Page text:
Self tacking jib versus overlapping.

Discussion in 'Sailboats' started by Omer, Oct 14, 2005.

  1. Omer
    Joined: Oct 2005
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    Location: istanbul Turkey

    Omer New Member

    Hi Everybody.
    i am a new member from istanbul turkey.
    i am currently trying to design a sailboat which will be built
    in wood-epoxy. Overall length will be around 37 foot.
    i plan to cruise shorthanded on the agean coast and ocassionally
    participate in races. Therefore we are talking about a boat which
    will be a cross between a racer-cruiser and a short handed cruiser.
    My question is about performance difference between self tacking 100 %
    jib versus a more conventional overlapping genoa.
    for the same boat and for the same sail area what would be the gains
    and losses in terms of both speed and IRC rating.
    i am particularly interested in beating performance as downwind sails
    take most care of downwind legs.
    will a bigger main and smaller jib much inferior to smaller main and genoa
    combination?
    My D/L target is around 175 and my SA/D target is around 20. if this
    contributes to the equation.
    Many thanks.
     
  2. gggGuest
    Joined: Feb 2005
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    gggGuest ...

    Performance wise there's no doubt in racing circles that a non-overlapping or minimally overlapping jib is the best option in terms of horsepower per square metre. The only real advantage of the big genoas is that it means that you can hang more sail on the same spars.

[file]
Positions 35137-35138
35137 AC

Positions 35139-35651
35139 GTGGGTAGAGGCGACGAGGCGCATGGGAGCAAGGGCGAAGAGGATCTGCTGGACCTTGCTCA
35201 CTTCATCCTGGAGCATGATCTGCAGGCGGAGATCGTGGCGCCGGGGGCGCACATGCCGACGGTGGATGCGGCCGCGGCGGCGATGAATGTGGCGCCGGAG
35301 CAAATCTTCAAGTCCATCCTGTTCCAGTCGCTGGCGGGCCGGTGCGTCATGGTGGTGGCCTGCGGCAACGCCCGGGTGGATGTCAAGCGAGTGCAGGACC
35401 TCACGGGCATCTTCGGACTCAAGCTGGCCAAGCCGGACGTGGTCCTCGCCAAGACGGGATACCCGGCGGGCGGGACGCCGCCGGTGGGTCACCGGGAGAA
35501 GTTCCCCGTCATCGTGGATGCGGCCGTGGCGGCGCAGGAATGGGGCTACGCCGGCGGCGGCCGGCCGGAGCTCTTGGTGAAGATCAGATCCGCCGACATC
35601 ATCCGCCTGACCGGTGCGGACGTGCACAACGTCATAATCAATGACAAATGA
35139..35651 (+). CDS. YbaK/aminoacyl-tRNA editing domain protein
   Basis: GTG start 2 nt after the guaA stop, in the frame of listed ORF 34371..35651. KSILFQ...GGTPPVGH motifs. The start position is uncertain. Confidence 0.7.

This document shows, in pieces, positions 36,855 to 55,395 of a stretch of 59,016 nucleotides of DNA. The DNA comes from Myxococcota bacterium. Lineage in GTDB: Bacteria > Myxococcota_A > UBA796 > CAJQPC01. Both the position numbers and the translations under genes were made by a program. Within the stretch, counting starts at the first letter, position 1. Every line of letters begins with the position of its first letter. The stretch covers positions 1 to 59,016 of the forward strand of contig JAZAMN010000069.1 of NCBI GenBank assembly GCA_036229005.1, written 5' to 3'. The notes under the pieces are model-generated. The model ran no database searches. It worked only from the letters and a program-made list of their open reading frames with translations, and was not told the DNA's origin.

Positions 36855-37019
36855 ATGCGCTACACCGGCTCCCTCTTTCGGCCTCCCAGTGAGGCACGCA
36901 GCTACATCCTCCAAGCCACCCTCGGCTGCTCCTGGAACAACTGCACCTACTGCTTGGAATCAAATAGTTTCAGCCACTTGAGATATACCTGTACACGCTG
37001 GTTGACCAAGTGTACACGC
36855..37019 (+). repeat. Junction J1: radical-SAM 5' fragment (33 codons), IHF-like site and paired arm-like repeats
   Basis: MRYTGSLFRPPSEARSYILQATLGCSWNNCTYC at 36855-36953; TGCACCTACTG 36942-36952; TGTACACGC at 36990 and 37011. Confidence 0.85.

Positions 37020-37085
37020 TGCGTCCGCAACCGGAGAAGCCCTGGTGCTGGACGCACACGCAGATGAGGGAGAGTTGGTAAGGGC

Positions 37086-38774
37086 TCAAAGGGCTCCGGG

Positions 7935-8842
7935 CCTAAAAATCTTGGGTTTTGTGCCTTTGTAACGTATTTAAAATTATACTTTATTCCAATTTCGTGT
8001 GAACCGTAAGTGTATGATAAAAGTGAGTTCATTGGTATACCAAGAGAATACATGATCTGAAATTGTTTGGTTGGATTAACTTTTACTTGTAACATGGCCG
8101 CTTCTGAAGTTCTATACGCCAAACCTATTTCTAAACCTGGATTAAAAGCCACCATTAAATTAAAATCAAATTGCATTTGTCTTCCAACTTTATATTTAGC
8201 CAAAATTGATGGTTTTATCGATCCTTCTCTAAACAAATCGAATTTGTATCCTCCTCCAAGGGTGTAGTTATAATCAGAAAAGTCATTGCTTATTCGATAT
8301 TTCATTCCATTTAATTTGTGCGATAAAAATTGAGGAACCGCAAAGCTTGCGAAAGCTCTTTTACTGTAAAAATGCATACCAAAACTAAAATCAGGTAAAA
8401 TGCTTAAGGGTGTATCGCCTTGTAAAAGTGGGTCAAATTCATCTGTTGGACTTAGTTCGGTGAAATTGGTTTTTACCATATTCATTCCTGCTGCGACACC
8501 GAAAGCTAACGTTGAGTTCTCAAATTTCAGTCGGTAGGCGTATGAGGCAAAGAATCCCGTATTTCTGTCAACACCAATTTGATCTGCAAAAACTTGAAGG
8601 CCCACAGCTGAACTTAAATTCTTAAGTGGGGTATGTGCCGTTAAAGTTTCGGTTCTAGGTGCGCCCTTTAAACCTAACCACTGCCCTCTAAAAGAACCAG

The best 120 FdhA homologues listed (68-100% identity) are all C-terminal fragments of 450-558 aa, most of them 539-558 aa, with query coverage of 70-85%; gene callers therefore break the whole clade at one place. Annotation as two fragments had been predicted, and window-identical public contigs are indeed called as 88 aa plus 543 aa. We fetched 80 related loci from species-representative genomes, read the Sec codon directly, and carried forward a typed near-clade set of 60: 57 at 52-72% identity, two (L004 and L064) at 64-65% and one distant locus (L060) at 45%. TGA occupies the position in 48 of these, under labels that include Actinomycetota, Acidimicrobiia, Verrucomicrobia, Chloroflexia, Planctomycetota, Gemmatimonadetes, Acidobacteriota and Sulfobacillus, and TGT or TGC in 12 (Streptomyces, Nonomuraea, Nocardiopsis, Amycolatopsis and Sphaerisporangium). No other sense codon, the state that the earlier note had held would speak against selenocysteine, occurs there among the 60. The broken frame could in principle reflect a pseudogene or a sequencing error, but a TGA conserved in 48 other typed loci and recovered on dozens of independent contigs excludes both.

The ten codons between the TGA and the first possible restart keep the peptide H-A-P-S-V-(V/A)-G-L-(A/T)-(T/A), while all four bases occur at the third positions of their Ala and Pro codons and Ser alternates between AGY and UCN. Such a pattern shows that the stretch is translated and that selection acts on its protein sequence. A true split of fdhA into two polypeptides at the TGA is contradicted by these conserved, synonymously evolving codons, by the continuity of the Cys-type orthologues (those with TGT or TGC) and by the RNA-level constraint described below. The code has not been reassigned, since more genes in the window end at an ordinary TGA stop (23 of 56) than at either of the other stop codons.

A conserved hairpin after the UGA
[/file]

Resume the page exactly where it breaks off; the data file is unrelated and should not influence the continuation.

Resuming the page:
3. Raggi_Thor
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    Raggi_Thor Nav.arch/Designer/Builder

    In many classes the overlappng area is "free", that is not measured. Look at the Scandinavian 30 square meters for example, the nomnal area is 30m2, but they have huge genoas, so the real area is maybe 40m2.
     
  4. FAST FRED
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    FAST FRED Senior Member

    The disadvantage with a self tacking sail is there is usually a jib boom attached .
    These become ankle bashers if you work the foredeck anchoring ect.
    There is sometimes also a traveler , to trip on too.

    The Dutch came up with a simple solution , they sew a heavy eyelet in the foot of the sail before the mast. And use a line on deck thru the eyelet to work as a traveler.

    When short tacking the sail IS self tending , at least the luff and most of it.